Insider Trading: Are Insolvent Firms Different?

By Andrew Verstein (Wake Forest University School of Law)

Are insolvent firms different from solvent firms with respect to insider trading law and policy? One difference is the level of regulation of trading in the residual claims of the firm. In solvent firms, the residual claims are equity securities, and equity securities are subject to the full ambit of trading restrictions. In insolvent firms, non-equity claims are typically residual claims that are subject to less stringent regulation precisely because they are not equity and they may not even be securities. As a result, insider trading regulations apply with lesser force to the most economically significant and informationally-sensitive interests in an insolvent company. Insolvency is therefore deregulatory.

While insolvency deregulates, it also expands the reach of other aspects of federal insider trading law. That is because bankruptcy law creates new roles and new duties. Since insider trading law hinges on duties, these new relationships expand the coverage of insider trading restrictions.

I consider these tradeoffs in a forthcoming article, and I offer two tentative conclusions.  

First, we should not rush to close the “loopholes” in insider trading law that open with regards to the residual claims. Deregulating insider trading is a Faustian bargain—greater price accuracy at the risk of lesser liquidity, fairness, and managerial integrity—but we should be more willing to accept the bargain with respect to insolvent firms than solvent ones.

Second, we should be solicitous of efforts to shield members of creditors’ committees from extensive insider trading regulation because these creditors occupy a position without analogue in the solvent firm: they both receive and contribute material, nonpublic information. Traditional insider trading law theory may not have the resources to manage a two-way flow of information, requiring new and accommodating thought.

The full article is available here.

Three Provocative Business Bankruptcy Decisions of 2018

By Michael L. Cook (Schulte, Roth & Zabel LLP).

The appellate courts have issued at least three provocative, if not questionable, business bankruptcy decisions in the past six months.

Lakeridge:  In March, 2018, the U.S. Supreme Court avoided the substantive merits of a 2016 split decision by the Ninth Circuit that had permitted a Chapter 11 debtor to manipulate the reorganization plan process.  Despite the Court’s narrow holding approving the Ninth Circuit’s “clear error” standard for reviewing a bankruptcy court’s fact findings, four Justices wrote two separate opinions challenging the Court’s limited review of the Ninth Circuit’s stunning decision in the face of a powerful dissent.

In re Anderson:  The Second Circuit, on March 7, 2018, held that an asserted bankruptcy discharge violation was not arbitrable due to a conflict between the Federal Arbitration Act and the Bankruptcy Code.  Two months later, though, the Supreme Court stressed that it had rejected every effort to “conjure” conflicts between the Arbitration Act and a raft of other Federal statutes.

In re Temptnology:  the First Circuit, on January 12, 2018, in a split decision, wiped out the rights of a trademark licensee, explicitly rejecting a 2012 decision by the Seventh Circuit.  The First Circuit’s majority opinion relied on a heavily criticized 1985 Fourth Circuit decision, premising its  holding on the primacy of Federal bankruptcy law over Federal trademark law and distinguishing between a statutory breach and a common law breach.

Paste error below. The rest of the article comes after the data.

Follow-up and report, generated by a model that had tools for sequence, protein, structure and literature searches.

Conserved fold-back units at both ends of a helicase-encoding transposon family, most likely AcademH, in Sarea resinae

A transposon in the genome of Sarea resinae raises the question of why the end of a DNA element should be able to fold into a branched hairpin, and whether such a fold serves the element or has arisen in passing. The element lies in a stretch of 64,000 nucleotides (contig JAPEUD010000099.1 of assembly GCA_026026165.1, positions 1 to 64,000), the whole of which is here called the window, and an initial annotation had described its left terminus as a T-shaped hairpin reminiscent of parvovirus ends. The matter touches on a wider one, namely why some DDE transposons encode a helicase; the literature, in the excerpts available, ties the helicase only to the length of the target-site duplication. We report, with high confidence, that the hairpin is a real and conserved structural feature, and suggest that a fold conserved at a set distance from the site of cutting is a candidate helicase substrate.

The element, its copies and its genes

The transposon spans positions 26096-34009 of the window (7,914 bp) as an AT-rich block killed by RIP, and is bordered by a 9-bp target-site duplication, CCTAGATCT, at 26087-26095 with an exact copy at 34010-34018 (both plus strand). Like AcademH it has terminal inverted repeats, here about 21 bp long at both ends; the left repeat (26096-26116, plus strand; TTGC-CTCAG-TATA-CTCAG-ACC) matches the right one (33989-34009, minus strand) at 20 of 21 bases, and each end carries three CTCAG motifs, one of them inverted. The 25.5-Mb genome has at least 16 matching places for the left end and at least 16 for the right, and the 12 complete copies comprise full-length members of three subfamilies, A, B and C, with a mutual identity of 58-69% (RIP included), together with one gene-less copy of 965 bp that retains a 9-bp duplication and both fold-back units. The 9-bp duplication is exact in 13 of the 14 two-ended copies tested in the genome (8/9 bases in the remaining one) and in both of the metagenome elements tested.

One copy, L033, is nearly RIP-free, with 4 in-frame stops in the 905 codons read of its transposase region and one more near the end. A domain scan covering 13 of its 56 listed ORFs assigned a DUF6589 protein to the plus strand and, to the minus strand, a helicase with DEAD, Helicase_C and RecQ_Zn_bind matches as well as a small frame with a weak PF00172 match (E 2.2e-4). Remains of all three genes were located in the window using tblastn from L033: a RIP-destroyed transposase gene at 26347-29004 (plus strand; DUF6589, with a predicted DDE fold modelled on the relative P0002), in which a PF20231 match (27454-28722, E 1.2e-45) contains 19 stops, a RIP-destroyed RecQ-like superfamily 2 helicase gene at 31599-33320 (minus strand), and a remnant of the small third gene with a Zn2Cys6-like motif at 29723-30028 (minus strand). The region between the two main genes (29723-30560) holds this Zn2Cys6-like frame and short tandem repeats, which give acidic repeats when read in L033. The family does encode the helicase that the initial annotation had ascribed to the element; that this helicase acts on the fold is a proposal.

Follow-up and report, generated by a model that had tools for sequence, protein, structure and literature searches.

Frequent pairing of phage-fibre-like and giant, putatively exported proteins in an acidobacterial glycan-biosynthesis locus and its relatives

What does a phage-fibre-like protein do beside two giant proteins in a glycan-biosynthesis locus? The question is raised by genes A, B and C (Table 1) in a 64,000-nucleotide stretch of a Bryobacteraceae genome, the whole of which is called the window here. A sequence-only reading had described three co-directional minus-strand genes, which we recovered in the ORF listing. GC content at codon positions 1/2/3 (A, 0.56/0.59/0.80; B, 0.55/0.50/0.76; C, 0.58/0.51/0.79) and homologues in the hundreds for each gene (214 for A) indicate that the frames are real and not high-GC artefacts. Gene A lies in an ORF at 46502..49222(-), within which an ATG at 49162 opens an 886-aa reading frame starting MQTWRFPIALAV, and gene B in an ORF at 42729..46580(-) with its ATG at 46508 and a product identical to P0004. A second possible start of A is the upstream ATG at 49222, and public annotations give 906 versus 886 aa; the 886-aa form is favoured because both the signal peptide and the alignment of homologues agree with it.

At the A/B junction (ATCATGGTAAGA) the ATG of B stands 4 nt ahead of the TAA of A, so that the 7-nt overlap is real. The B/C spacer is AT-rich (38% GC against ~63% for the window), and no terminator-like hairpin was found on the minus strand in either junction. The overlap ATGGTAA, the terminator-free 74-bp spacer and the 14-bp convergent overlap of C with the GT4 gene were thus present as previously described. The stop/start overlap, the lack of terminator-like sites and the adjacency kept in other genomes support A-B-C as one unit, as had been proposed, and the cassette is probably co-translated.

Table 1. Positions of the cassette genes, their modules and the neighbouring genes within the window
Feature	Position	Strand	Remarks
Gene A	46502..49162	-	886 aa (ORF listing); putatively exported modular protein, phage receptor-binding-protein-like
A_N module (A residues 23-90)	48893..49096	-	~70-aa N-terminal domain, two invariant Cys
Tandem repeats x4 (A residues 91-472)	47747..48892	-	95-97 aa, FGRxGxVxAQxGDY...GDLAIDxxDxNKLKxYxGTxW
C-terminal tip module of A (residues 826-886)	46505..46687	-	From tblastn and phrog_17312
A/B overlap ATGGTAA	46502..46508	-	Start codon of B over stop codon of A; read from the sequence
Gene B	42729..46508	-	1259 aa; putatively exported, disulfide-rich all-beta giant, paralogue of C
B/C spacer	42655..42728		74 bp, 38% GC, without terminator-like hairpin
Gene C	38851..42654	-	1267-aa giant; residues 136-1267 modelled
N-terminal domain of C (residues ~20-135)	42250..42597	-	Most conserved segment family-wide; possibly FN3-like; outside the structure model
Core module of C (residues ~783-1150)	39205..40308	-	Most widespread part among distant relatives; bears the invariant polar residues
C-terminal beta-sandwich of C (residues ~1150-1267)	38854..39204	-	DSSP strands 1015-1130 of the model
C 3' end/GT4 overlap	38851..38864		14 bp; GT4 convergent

The losing parties in the First and Second Circuit cases filed petitions for certiorari in June, 2018.  Given the Circuit split in one case and the later Supreme Court arbitration ruling in the other, both cases warrant Supreme Court review.

The full article is available here.


We at the Bankruptcy Roundtable will take a break from posting this August and hope that you too will be able to get away from your desk at work. We’ll be back after Labor Day.

Insider Status and U.S. Bank v. Village at Lakeridge

By Ronit J. Berkovich and David Li (Weil, Gotshal & Manges LLP).

The U.S. Supreme Court, in U.S. Bank Nat’l Ass’n v. Village at Lakeridge, LLC, 583 U.S. ___ (2018), offered plenty of hints on an important topic while simultaneously ruling very little about it.  In chapter 11, whether a creditor qualifies as an “insider” can have enormous implications on a range of issues, including plan confirmation, fraudulent transfer and preference analyses, and severance payment and employee incentive/retention plan (KEIP/KERP) approvals.  Lakeridge involved a dispute as to whether the bankruptcy court properly determined in confirming a plan that the sole impaired accepting creditor (the romantic partner of one of the debtor’s officers) was not a “non-statutory” insider.  If the creditor actually were such an insider, then the chapter 11 plan should not have been confirmed.

In granting cert to hear the case, the Supreme Court expressly declined the opportunity to address whether the Ninth Circuit articulated the correct legal test to determine if a person qualifies as a non-statutory insider.  Instead, the Supreme Court granted cert only to answer the narrow question of whether the Ninth Circuit applied the correct standard of review to the lower court’s determination.  Justice Kagan, writing for the Court, kept to that script by simply affirming the Ninth Circuit’s decision to apply a clear error standard of review.  Concurrences by Justices Kennedy and Sotomayor, however, each acknowledged shortcomings in the legal test the Ninth Circuit applied and each appeared to invite lower courts to consider alternative approaches.  As a whole, Lakeridge provides little binding guidance, and practitioners can expect further development in non-statutory insider law by the Courts of Appeals.

The article is available here.